The banking sector could be facing a challenging year, with the swelling debt crisis in Europe threatening to overflow into the local economy. While most of the Kingdom’s lenders remain well capitalised and resistant to external shocks, overall growth could be muted.
Banking is core to the economy: the financial sector contributes more than 30% to GDP and a strong mix of conventional and sharia-compliant lenders are based in the Kingdom. It is also a major source of employment – more than 14,000 people are directly employed in the sector.
Due to the sector’s importance, any turbulence felt is taken seriously. Political turmoil at home, for example, could impact investor sentiment this year, and external factors such as the growing uncertainty over Europe’s financial affairs also pose a challenge to the sector. On March 19, Moody’s issued a report warning that the eurozone sovereign-debt crisis could have a direct impact on Bahrain’s banking sector, with lenders withdrawing capital amid sector-wide deleveraging.
“Direct exposure to the domestic operating environment is limited but increased risk perception and sustained outflows would trigger a significant slowdown in business volumes, as well as pose some serious structural challenges for this industry,” the report said.
This potential outflow of capital could see credit squeezed in 2012, with lower loan activity limiting growth and returns, while also dampening government development plans to stimulate the economy through infrastructure investment.
One locally based international lender, Arcapita Bank, appears to have already felt the flow-on effects of the debt chill in Europe, filing for bankruptcy protection in the US in mid-March, a move designed to give it more time to renegotiate its debt repayment of $1.1bn. While most of the bank’s creditors were prepared to sign off on rescheduling the debt, there were a few holdouts, believed to be European hedge funds.
Atif Abdulmalik, the CEO of Arcapita Bank, said he was confident a deal would be brokered with creditors, most of whom were agreeable to the bank’s restructuring proposals. He acknowledged that the downturn in the eurozone had negatively impacted the bank and had prompted Arcapita to seek an extension on its loan facility by three years.
“The Central Bank of Bahrain has been informed and we will continue to have a dialogue with the regulators,” Abdulmalik told local media. “Arcapita is committed to completing this reorganisation as quickly and efficiently as possible.”
Arcapita should take heart from the recent performance of another Bahrain-based Islamic lender, Gulf Finance House (GFH), which announced at the end of February it has returned to profit in 2011, after restructuring debts and enduring a lean couple of years.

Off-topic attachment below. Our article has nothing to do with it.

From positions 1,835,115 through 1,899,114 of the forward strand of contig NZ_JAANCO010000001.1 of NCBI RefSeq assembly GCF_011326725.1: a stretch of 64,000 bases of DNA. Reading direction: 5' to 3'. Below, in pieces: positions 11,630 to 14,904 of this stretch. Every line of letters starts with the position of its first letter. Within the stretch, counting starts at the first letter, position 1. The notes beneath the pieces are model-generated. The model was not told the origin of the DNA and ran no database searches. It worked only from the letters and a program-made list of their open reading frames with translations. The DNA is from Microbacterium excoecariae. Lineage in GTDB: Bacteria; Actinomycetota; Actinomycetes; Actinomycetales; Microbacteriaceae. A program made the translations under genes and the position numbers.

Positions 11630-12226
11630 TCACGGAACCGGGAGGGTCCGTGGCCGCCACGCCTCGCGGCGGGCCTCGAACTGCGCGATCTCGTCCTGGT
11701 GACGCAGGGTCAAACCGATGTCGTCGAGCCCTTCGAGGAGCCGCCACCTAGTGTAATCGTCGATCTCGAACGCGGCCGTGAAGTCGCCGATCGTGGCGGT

GFH came back into the black in 2011 with a $381,000 profit and an operating profit of $9m before provision, a significant turnaround on the $187m net loss the preceding year. Thanks to a reduction in operating costs, with outlays cut by 37% and having restructured its organisation and some of its outstanding debts, GFH is now moving in the right direction, according to Esam Janahi, its executive chairman.
“Our strategy was put in place to realise long-term benefits for our shareholders, our investors and our employees,” Janahi said on February 29. “While this meant that we had to take some difficult decisions in the short term, and indeed experience a string of negative results, we have now returned to profitability as an institution, which was the target we were aiming for.”
Despite the concerns over the eurozone debt crisis, and the increasing competition from other regional financial centres vying with Manama to be the Middle East’s main banking centre, the number of financial institutions registered in the Kingdom rose in 2011. According to data released by the Economic Development Board (EDB) in early March, there were 415 banks and other finance institutions, including more than 120 conventional lenders with combined assets of around $200bn, registered at the beginning of the year, a dozen more than at the start of 2011.
As new financial institutions continue to make their way to Bahrain to set up operations and potentially avail of the sector’s strong reputation, local lenders and banks will continue to keep an eye to Europe in the event of further fallout.